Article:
Now what sorts of sensation are alive for you? How are you experiencing yourself? Has your mood shifted some?
These are not simply ideas to mull over in your head. They are actions to take.
These actions affect real, tangible, felt changes in the way you are organized.
The neuronal firing in your brain changes which changes the tone (amount of contraction) in your musculature.
You also enable better orientation of yourself in the world.
In other words, you more clearly know where you are in relation to gravity, space, people and objects around you. Your actions can then be more efficient and effective. You can more readily go and do what you really want.
These tangible, felt changes of improved muscular tone and enhanced orientation clarify and expand your perceptions of yourself, and the world with all its difficulties and beauty.
Its not necessarily easy to live with this sense of embedded wholeness. We so often spend our days with a sharpened focus on particular details, especially in this modern, busy, fast paced world. Or — zoned out. And yet, with just a few moments of attending and a little shift in perspective, you can be there (or should I say “here”).
The capacity for inclusive attention is a skill that can be learned.
Like developing any skill, with mindful, repeated practice anyone can become more proficient. With this proficiency comes clearer spatial awareness where you experience less rigidity, an overall sense of presence, clarity of thinking, creative impulses and improved quality of movement.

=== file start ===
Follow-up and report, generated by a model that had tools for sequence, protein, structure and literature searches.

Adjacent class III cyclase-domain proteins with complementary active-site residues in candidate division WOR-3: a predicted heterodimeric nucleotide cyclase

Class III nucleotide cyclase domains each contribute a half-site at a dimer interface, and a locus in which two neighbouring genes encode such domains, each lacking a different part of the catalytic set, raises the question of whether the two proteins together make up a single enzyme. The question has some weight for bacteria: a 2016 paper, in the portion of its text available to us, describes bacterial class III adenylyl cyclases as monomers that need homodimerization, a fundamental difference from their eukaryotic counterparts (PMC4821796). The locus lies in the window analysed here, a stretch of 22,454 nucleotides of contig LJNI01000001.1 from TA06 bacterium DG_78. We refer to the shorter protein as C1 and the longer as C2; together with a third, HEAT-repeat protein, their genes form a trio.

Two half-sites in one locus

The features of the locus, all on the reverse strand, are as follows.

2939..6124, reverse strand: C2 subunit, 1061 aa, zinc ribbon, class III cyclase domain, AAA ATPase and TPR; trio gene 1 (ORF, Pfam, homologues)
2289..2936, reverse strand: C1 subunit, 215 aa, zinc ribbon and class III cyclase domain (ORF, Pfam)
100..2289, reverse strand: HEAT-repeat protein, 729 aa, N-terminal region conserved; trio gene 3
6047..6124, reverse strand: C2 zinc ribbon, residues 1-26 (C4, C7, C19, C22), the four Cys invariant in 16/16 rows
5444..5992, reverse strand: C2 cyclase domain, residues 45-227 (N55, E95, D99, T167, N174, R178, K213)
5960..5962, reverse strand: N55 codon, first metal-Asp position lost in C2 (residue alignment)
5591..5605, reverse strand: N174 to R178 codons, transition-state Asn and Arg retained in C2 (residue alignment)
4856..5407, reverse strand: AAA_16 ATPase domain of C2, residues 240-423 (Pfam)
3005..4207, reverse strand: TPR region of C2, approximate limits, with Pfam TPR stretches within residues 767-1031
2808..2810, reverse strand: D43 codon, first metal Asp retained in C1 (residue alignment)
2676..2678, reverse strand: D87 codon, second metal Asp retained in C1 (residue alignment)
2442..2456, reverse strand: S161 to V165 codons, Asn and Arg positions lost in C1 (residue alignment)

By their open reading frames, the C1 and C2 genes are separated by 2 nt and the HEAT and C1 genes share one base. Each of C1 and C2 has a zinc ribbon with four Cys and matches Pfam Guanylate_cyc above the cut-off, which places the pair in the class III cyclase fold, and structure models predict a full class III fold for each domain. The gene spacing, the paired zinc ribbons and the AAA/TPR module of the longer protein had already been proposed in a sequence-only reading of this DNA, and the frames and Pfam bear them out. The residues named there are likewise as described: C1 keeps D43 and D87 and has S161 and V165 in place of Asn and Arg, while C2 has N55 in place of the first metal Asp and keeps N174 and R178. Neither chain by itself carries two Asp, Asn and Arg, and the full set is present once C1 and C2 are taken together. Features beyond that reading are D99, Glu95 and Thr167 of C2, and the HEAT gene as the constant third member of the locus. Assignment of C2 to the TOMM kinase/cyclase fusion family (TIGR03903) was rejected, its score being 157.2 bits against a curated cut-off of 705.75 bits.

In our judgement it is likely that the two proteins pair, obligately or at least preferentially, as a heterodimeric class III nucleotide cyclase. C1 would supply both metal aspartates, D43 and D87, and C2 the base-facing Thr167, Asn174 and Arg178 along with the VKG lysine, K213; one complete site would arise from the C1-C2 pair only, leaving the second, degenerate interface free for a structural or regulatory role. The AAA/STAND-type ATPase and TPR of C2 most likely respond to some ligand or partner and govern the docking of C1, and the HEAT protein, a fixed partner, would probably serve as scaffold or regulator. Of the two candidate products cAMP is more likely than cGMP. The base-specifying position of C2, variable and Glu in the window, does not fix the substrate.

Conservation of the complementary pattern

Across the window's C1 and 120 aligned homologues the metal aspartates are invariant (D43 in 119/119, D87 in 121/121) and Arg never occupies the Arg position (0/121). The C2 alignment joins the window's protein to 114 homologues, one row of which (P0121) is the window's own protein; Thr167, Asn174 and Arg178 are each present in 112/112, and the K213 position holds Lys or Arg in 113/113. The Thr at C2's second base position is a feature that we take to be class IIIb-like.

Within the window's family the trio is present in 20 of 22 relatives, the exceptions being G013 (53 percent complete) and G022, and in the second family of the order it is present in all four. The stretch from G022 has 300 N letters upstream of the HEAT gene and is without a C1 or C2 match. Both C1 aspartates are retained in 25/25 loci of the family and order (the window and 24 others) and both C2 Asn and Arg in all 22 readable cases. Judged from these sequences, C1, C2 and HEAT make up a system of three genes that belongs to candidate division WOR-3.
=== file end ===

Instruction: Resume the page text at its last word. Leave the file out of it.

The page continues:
It Only Takes a Moment
You can check in often. At first, its much easier to do when life is going along more or less fine: When you’re walking the dog, or driving home from work; when your cooking dinner or sitting in front of the fire with a cup of tea; when you’re vacuuming the house or doing the laundry…
Are you just a talking head whose body is simply a vehicle to carry said talking head around?
Or are you living as a beautifully complex, whole, thinking/feeling/sensing/moving being that is an integral aspect of the world at large doing what you do?
With practice this becomes richer and more accessible. Over time you’ll find that even during tumultuous periods of your life, it’ll be easier for you to regain a clearer sense of yourself and the situation with an expanded perception of your options.
As you sense yourself as a whole rather than as a bunch of connected parts, and crucially, as a whole that is embedded in the world, you’ll be more deeply present in the moment as it is. Here, there is less delusion and more room to move, discover, create and participate in this grand unfolding world in a way that feels authentic and real.
Is the mind body connection real?
As I finished the last post, I’d say there is no mind body duality. You are just one, integral, embedded whole.
How do you see it?
I’d love to hear about your experience of exploring this shift in perspective. Leave a comment below and share your thoughts.
[Grab the Cheat Sheet for simple, playful little attentional practices you can do any time of day.]